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systemd 248 RC3 Released With Extension Images Support, New Security Capabilities

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  • systemd 248 RC3 Released With Extension Images Support, New Security Capabilities

    Phoronix: systemd 248 RC3 Released With Extension Images Support, New Security Capabilities

    It looks like the official release of systemd 248 is quite imminent but for now a third release candidate has been issued to help facilitate last minute testing...

    https://www.phoronix.com/scan.php?pa...ystemd-248-rc3

  • #2
    Let's hope that support for unlocking LUKS2 volumes will trickle down to popular distro installers ASAP.

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    • #3
      Hans Bull Yep. System-wide LUKS2 depends on a new GRUB release more than anything. While GRUB finally has support for it, it just hasn't had an official update in a good, long while (since 2019 is a long while in PC terms). GRUB is basically mandatory because it's the only mainstream bootloader that works on legacy and modern x86_64 systems.

      It sucks that distributions seem to be picking x86_64_v2 as the cutoff line. That basically forces GRUB on us all for indefinitely since v2 includes pre-EFI systems. As far as I can tell the only other option is Clover, the Hackintosh bootloader, since it emulates EFI on legacy systems which allows using modern bootloaders anywhere.

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      • #4
        Would be very nice if distros could make systemd-boot the default on EFI systems, or at least make it an option. It’s so much better than GRUB.

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        • #5
          Originally posted by skeevy420 View Post
          Hans Bull Yep. System-wide LUKS2 depends on a new GRUB release more than anything. While GRUB finally has support for it, it just hasn't had an official update in a good, long while (since 2019 is a long while in PC terms). GRUB is basically mandatory because it's the only mainstream bootloader that works on legacy and modern x86_64 systems.
          Doesn't SYSLINUX also run on both systems?

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          • #6
            Originally posted by skeevy420 View Post
            While GRUB finally has support for it, it just hasn't had an official update in a good, long while
            grub 2.0.6-rc1 was made available just today. So maybe it will happen soon, as was referenced in https://www.phoronix.com/scan.php?pa...x=GRUB-In-2021
            Last edited by CommunityMember; 12 March 2021, 10:25 PM.

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            • #7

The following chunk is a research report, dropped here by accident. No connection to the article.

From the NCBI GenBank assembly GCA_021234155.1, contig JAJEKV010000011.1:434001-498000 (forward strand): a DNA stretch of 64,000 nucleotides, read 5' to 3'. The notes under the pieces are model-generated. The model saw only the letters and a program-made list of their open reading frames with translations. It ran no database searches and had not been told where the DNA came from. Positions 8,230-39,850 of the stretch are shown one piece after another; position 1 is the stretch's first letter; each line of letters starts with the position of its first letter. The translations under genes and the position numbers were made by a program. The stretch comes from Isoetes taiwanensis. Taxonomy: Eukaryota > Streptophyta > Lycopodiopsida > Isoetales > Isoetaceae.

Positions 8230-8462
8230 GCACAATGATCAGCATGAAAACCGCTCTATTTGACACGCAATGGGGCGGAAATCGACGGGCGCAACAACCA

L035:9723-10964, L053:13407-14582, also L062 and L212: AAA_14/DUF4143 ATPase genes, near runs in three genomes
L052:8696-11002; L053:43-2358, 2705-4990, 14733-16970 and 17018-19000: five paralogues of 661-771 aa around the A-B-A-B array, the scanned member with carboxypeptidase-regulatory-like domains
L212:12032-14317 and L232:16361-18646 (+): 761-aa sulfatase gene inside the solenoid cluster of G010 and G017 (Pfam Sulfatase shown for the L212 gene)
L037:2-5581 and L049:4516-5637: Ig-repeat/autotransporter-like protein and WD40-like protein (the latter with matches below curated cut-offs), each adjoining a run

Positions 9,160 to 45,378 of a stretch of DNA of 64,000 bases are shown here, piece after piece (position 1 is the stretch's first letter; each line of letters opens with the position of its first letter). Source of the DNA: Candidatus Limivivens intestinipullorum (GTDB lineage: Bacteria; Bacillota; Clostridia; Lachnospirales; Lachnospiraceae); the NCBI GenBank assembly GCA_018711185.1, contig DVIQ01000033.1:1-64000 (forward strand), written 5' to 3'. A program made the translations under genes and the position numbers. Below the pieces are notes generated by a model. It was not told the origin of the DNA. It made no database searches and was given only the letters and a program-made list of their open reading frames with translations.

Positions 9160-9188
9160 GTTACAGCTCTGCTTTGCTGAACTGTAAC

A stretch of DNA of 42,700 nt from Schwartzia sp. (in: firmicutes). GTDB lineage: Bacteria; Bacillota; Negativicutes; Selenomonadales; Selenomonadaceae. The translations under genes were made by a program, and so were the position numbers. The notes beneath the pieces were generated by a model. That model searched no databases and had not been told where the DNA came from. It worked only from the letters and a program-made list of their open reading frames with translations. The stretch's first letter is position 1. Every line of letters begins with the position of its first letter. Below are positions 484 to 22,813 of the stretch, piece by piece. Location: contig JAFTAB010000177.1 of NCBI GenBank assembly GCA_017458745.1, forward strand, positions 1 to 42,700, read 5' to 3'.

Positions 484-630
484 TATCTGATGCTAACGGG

Originally posted by scottishduck View Post
              Would be very nice if distros could make systemd-boot the default on EFI systems, or at least make it an option. It’s so much better than GRUB.
              I've been using this for a couple years now and absolutely love it. But I double this will ever be the default on any of the mainstream distros.

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              • #8
                Originally posted by CommunityMember View Post

                grub 2.0.6-rc1 was made available just today. So maybe it will happen soon, as was referenced in https://www.phoronix.com/scan.php?pa...x=GRUB-In-2021
                ROFL. That's hilarious. The first anything to be released in almost two years would happen right after a "damn why they takin so long" rant

                caligula Quick reading shows that yeah it does support both, but it's also missing lots of file system features...like way worse than GRUB. No BTRFS compression at all for starters. Could probably work around most all of them with an initramfs off a fat32 /efi or /boot

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                • #9
                  Originally posted by scottishduck View Post
                  Would be very nice if distros could make systemd-boot the default on EFI systems, or at least make it an option. It’s so much better than GRUB.
                  My main problem with systemd-boot (and thus gummiboot) is that AFAIK (atleast according to all guides) it requires the kernels to be stored on the EFI partition and #1 my EFI is super small since it's only used for the small shim for grub2, #2 I don't like having files on stupid FAT32 and #3 apt refuses to write to FAT-partitions so one have to have magic scripts copying the kernels around after each update (and thus store the kernels twice).

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                  • #10
                    the "248" in the name stands for the number of features packed into systemd

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